Background: Apart from the acute thrombotic complications that lead to acute
coronary syndromes (ACS), platelet activation also plays an important role in the initiation
and progression of atherosclerosis. In addition, it is speculated that anti-platelet therapy can
be beneficial for patients with stable coronary artery disease (CAD). Of note, patients on
optimal anti-platelet treatment still experience thrombotic events, whereas complications,
such as bleeding, cannot be ignored. In this light, novel antiplatelet regimens have been
used to minimize the residual platelet activation without compromising normal haemostasis.
Methods: We performed a thorough search of the literature in order to review the beneficial
role of novel antiplatelets in patients with stable CAD. We have also focused on studies that
examine the effect of these drugs on platelet reactivity as well as on cardiovascular outcomes.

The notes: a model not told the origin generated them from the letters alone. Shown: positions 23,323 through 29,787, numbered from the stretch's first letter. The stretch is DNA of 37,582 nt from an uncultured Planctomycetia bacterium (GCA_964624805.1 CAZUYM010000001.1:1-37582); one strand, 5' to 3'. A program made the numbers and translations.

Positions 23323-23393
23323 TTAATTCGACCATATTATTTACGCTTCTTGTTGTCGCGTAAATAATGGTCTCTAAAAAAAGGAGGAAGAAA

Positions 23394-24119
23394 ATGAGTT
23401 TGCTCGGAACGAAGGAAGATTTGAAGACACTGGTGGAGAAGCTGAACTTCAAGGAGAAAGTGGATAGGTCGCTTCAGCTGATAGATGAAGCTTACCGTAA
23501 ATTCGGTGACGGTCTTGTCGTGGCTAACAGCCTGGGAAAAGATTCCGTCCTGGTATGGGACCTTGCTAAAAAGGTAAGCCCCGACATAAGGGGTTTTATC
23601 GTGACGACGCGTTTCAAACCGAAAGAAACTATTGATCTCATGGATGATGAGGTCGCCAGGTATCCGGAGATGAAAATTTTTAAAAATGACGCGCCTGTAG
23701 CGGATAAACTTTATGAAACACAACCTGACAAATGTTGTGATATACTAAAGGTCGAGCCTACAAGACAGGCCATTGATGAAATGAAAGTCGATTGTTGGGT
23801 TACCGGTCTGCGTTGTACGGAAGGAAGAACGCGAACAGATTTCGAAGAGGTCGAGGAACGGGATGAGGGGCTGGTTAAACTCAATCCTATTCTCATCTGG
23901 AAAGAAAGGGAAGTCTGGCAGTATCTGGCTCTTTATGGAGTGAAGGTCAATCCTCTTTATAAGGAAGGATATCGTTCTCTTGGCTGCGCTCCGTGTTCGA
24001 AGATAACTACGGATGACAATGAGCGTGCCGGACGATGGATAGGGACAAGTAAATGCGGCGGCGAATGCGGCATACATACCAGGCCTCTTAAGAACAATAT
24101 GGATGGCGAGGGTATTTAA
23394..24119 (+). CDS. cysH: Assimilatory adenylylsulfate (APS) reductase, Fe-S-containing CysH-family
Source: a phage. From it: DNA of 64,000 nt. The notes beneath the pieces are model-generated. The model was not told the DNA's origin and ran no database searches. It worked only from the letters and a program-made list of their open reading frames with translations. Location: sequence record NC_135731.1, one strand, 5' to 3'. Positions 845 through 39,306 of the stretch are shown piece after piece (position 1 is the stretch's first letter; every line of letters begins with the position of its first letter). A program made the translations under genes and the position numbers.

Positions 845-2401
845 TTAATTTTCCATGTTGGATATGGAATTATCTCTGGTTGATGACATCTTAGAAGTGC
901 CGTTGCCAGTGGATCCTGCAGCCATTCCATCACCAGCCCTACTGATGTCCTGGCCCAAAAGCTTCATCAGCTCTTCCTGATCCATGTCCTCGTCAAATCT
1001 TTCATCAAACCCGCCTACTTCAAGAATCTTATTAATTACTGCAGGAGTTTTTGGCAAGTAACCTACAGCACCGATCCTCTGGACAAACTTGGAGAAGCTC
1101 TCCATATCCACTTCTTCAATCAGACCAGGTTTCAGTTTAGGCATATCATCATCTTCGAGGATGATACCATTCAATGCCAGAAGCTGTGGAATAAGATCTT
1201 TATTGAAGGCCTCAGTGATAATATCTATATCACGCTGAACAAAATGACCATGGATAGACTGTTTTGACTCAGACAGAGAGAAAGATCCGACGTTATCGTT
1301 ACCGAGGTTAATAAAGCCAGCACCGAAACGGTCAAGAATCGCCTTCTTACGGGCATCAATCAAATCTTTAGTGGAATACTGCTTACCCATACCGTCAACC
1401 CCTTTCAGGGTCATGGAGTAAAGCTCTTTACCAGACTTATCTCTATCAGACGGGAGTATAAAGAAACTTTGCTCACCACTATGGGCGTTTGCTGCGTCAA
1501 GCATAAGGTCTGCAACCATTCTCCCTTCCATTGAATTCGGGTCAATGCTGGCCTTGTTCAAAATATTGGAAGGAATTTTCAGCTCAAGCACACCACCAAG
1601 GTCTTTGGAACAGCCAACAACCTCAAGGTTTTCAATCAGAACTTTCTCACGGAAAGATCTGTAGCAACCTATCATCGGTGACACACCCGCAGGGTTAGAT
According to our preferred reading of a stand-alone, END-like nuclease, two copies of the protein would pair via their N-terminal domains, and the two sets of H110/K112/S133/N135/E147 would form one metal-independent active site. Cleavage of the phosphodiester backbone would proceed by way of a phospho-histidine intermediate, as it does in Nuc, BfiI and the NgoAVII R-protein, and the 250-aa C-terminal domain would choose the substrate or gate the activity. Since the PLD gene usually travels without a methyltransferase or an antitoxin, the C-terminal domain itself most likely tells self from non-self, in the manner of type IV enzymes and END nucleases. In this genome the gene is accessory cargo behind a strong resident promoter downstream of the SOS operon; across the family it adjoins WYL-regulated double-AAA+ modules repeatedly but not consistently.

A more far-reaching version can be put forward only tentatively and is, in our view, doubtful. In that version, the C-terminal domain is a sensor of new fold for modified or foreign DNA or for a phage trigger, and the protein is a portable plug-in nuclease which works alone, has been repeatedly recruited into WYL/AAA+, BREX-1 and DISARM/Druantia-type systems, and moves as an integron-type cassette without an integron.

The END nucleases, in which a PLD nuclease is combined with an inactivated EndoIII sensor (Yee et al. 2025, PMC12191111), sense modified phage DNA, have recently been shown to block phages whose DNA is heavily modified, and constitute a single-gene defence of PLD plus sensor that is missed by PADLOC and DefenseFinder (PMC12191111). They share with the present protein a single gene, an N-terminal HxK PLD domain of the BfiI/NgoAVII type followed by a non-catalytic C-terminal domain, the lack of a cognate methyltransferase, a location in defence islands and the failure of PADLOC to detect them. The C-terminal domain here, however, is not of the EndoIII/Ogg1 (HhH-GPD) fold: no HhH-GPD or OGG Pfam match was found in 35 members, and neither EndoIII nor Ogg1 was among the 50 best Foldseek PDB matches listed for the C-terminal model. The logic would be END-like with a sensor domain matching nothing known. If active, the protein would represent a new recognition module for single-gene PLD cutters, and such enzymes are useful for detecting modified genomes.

Conclusion: Specific agents, such as vorapaxar and cilostazol, have been found to
reduce platelet reactivity as well as to improve patients’ prognosis. Of note, the use of novel
antiplatelets is of clinical importance in patients with increased thrombotic status and in those with resistance to
classic antiplatelets. However, the available data on most of the novel antiplatelets are mainly derived from studies
including ACS patients undergoing angioplasty Therefore, large randomized controlled studies are required
to evaluate the clinical benefit of novel antiplatelets in patients with stable CAD.